Jessica J. Lee is a Senior Research Fellow on East Asia at the Quincy Institute for Responsible Statecraft. Her research interests include U.S. foreign policy toward the Indo-Pacific region, with an emphasis on the Korean Peninsula.
Jessica’s analysis has been featured in The Wall Street Journal, Washington Post, Foreign Affairs, Foreign Policy, The National Interest, USA Today, the Washington Times, The Nation, Arms Control Today, and Quincy Institute’s news platform Responsible Statecraft. She has testified before the House Committee on Foreign Affairs Tom Lantos Human Rights Commission and co-authored several Quincy Briefs and Reports, including Toward an Inclusive & Balanced Regional Order: A New U.S. Strategy in East Asia, Beyond Deterrence: A Peace Game Exercise for the Korean Peninsula, The Folly of Pushing South Korea Toward a China Containment Strategy, and Active Denial: A Roadmap to a More Effective, Stabilizing, and Sustainable U.S. Defense Strategy in Asia.
Jessica is a non-resident senior associate fellow at the Asia Pacific Leadership Network, a term member of the Council on Foreign Relations, a member of National Committee on U.S.-China Relations, a member of the National Committee on North Korea, and a 2021-2022 Arms Control Negotiation Academy Fellow with the Negotiation Task Force at Harvard University. She serves on the board of International Student Conferences, a U.S. nonprofit that facilitates exchanges between U.S. and East Asian college students.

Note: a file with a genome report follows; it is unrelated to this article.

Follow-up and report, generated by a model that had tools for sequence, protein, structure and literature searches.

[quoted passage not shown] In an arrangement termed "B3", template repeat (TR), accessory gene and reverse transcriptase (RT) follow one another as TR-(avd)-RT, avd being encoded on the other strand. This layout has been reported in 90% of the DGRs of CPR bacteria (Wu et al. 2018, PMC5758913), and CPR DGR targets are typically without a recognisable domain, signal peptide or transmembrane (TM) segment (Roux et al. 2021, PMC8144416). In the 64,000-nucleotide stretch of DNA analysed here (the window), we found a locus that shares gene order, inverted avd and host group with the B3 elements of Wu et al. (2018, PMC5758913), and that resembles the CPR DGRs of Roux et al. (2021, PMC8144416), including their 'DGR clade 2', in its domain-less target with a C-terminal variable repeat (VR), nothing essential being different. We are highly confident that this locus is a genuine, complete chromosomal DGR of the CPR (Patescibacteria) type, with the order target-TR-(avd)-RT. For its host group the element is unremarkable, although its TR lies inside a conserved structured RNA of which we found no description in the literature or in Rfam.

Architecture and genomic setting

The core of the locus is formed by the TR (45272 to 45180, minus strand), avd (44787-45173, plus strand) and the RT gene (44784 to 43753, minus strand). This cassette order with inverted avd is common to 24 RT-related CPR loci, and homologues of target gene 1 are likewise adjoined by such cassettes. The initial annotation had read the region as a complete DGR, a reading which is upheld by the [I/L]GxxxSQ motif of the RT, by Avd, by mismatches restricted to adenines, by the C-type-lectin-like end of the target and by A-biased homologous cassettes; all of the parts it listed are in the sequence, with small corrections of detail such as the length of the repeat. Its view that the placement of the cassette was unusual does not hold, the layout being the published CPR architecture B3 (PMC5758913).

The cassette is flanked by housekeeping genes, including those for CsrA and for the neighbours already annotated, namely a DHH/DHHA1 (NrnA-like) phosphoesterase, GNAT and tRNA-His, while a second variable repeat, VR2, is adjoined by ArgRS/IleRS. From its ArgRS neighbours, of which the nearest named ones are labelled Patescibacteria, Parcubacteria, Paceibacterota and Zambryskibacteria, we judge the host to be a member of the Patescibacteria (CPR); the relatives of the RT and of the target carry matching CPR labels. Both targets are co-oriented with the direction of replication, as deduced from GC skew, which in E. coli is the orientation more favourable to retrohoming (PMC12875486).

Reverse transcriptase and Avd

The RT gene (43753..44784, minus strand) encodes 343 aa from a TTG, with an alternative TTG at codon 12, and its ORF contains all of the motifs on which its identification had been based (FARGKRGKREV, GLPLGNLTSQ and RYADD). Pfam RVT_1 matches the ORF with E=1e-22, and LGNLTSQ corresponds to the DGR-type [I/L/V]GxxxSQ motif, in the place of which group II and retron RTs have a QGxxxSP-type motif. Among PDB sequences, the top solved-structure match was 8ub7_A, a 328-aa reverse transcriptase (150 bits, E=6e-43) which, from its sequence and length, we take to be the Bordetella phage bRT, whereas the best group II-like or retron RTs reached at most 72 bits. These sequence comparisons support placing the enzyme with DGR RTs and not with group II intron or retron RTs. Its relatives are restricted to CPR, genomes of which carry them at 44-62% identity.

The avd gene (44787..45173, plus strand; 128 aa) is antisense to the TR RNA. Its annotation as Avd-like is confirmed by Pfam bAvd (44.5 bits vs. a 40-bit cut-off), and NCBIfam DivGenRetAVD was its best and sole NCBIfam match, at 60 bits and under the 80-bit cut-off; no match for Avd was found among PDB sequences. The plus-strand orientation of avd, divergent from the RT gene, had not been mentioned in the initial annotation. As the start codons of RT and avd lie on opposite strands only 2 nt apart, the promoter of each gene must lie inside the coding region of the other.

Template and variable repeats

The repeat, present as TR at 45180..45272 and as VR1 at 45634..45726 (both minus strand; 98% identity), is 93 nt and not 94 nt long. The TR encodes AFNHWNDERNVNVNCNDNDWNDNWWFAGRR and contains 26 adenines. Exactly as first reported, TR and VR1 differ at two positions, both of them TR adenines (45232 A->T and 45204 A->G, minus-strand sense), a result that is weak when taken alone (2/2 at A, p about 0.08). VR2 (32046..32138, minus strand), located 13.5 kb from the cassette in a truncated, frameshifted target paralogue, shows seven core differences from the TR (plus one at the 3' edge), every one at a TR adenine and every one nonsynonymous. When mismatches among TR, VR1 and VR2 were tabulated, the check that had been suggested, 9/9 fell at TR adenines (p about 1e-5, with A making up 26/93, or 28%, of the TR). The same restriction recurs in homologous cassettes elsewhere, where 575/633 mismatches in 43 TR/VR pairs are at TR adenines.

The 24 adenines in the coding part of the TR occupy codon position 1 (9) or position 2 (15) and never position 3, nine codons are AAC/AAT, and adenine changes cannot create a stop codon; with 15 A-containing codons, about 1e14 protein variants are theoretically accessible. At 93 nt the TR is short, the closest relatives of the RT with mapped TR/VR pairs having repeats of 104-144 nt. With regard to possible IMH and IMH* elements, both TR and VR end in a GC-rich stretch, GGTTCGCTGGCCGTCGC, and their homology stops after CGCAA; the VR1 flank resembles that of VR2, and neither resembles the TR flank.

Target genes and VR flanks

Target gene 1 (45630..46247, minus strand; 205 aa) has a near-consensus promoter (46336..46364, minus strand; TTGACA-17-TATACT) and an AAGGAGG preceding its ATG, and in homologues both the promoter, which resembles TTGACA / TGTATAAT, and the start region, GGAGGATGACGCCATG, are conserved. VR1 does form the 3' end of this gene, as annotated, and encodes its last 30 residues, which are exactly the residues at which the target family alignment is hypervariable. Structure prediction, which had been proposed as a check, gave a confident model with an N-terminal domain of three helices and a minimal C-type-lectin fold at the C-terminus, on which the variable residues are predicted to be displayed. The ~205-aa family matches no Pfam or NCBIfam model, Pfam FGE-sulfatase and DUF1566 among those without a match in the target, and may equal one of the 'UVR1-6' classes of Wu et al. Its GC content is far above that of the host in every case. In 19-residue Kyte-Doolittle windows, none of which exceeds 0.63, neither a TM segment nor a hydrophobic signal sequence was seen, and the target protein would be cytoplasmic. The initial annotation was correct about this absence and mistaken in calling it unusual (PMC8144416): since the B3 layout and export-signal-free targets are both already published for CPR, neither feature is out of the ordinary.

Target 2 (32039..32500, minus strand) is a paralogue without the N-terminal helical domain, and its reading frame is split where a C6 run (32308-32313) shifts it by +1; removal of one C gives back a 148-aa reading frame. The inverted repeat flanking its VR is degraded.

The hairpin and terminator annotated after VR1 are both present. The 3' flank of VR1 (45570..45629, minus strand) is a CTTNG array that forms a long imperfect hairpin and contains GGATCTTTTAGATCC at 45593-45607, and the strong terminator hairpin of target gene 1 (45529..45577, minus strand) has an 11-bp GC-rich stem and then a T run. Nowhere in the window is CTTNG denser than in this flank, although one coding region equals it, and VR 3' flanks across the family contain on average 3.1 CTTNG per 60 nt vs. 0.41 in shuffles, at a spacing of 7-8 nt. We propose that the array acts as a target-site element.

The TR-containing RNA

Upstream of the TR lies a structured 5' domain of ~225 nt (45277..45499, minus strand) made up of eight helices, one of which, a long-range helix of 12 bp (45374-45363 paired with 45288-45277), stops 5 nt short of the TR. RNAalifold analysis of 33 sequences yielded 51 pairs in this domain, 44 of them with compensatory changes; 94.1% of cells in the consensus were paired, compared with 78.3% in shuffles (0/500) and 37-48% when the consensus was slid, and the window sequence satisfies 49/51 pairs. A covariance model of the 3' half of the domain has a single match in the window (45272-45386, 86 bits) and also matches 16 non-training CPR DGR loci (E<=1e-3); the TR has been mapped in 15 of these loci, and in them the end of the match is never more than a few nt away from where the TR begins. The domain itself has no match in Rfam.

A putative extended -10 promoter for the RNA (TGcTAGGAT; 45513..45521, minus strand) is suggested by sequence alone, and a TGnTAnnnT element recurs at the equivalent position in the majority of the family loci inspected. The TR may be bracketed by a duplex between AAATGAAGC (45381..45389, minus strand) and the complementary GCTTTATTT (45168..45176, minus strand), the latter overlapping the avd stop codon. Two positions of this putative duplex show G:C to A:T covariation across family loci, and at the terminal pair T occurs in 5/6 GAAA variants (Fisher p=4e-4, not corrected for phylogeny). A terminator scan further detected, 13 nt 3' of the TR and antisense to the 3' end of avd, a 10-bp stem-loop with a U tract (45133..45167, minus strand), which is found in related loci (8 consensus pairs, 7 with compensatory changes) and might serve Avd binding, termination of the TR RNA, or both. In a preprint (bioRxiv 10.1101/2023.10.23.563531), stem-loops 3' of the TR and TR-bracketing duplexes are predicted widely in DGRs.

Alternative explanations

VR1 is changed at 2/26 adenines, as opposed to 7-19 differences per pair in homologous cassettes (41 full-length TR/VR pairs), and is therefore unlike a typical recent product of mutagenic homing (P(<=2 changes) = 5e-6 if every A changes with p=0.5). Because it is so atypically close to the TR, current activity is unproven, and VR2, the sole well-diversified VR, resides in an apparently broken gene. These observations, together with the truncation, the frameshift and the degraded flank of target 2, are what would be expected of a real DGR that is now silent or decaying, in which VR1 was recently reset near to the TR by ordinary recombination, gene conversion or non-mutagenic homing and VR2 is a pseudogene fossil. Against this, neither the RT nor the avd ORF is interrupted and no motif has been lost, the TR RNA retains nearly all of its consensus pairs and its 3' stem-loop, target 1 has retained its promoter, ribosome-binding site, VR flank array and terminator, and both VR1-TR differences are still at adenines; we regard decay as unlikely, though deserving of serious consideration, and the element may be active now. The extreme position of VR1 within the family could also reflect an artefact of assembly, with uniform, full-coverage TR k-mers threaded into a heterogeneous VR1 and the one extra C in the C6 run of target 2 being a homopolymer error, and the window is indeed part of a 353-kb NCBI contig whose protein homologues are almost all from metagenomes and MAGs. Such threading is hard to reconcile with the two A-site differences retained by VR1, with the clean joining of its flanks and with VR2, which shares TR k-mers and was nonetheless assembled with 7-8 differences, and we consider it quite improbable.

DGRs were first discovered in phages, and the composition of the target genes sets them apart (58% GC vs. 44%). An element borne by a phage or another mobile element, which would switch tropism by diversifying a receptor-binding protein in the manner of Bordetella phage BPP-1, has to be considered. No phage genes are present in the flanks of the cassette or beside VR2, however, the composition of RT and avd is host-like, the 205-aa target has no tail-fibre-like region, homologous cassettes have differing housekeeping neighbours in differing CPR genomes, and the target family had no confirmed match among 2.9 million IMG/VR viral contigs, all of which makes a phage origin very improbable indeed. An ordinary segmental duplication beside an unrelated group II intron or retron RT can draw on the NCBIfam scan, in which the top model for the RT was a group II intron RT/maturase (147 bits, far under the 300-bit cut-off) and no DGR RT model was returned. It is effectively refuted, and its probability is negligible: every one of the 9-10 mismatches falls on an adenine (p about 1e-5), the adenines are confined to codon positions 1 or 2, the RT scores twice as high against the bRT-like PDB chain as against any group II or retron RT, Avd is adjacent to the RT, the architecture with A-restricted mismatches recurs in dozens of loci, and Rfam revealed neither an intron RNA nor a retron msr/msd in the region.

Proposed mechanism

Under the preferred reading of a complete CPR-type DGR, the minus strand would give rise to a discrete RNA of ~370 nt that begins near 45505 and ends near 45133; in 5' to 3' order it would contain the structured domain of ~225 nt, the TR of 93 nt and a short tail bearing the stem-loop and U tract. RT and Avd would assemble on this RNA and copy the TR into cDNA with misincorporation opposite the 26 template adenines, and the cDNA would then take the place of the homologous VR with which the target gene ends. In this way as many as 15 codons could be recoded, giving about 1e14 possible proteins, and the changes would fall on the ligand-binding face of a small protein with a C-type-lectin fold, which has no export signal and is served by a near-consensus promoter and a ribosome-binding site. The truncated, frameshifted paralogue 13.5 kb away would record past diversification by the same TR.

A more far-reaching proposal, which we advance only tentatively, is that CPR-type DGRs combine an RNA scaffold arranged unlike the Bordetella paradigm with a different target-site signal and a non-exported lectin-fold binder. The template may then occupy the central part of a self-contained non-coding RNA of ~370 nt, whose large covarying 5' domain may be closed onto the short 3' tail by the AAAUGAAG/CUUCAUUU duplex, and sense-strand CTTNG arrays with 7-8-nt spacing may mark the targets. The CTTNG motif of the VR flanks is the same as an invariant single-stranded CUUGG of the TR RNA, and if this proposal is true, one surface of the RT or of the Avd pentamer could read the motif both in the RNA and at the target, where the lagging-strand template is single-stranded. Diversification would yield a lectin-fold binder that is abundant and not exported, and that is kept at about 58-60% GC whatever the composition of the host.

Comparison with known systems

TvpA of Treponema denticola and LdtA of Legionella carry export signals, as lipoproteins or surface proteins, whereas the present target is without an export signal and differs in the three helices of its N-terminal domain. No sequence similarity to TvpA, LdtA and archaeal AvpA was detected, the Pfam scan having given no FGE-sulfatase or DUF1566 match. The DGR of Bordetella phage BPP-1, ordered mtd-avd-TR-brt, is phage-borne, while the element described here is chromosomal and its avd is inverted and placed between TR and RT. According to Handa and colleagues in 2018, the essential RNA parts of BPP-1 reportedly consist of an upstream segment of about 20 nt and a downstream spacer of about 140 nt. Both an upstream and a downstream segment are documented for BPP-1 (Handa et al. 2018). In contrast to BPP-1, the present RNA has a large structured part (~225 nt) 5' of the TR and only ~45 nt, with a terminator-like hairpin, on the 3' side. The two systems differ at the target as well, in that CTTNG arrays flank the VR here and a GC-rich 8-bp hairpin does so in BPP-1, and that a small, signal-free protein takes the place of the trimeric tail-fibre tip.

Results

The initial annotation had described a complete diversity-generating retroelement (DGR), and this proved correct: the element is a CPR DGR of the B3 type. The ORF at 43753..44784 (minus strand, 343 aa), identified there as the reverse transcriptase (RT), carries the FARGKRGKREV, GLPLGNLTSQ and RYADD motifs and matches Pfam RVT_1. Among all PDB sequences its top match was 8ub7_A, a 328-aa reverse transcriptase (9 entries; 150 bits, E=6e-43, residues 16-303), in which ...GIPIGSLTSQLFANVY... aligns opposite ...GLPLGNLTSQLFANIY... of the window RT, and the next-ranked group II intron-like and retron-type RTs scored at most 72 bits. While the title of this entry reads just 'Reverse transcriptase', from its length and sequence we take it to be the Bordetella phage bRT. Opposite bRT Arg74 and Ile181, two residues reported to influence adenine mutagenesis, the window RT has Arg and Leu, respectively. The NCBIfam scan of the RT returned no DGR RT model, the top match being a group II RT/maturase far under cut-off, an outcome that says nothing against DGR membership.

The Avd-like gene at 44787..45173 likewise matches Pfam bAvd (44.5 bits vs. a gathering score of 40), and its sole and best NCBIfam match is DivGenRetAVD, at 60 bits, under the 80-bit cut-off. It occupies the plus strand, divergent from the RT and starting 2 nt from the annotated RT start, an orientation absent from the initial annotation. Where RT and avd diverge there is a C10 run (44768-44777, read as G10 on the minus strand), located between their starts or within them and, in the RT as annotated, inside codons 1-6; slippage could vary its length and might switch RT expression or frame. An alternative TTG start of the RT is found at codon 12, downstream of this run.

Previously, Jessica led the Council of Korean Americans, a national leadership organization for Americans of Korean descent. Prior to CKA, Jessica was a Resident Fellow at the Pacific Forum and a senior manager at The Asia Group, LLC. She began her career on Capitol Hill, where she served as a professional staff member handling the Asia region for the chairman of the House Committee on Foreign Affairs, and as a senior legislative assistant on international security and trade for a member of Congress on the Ways and Means Committee.
Jessica holds a B.A. in Political Science from Wellesley College and an A.M. in Regional Studies-East Asia from Harvard University. She has advanced proficiency in Korean.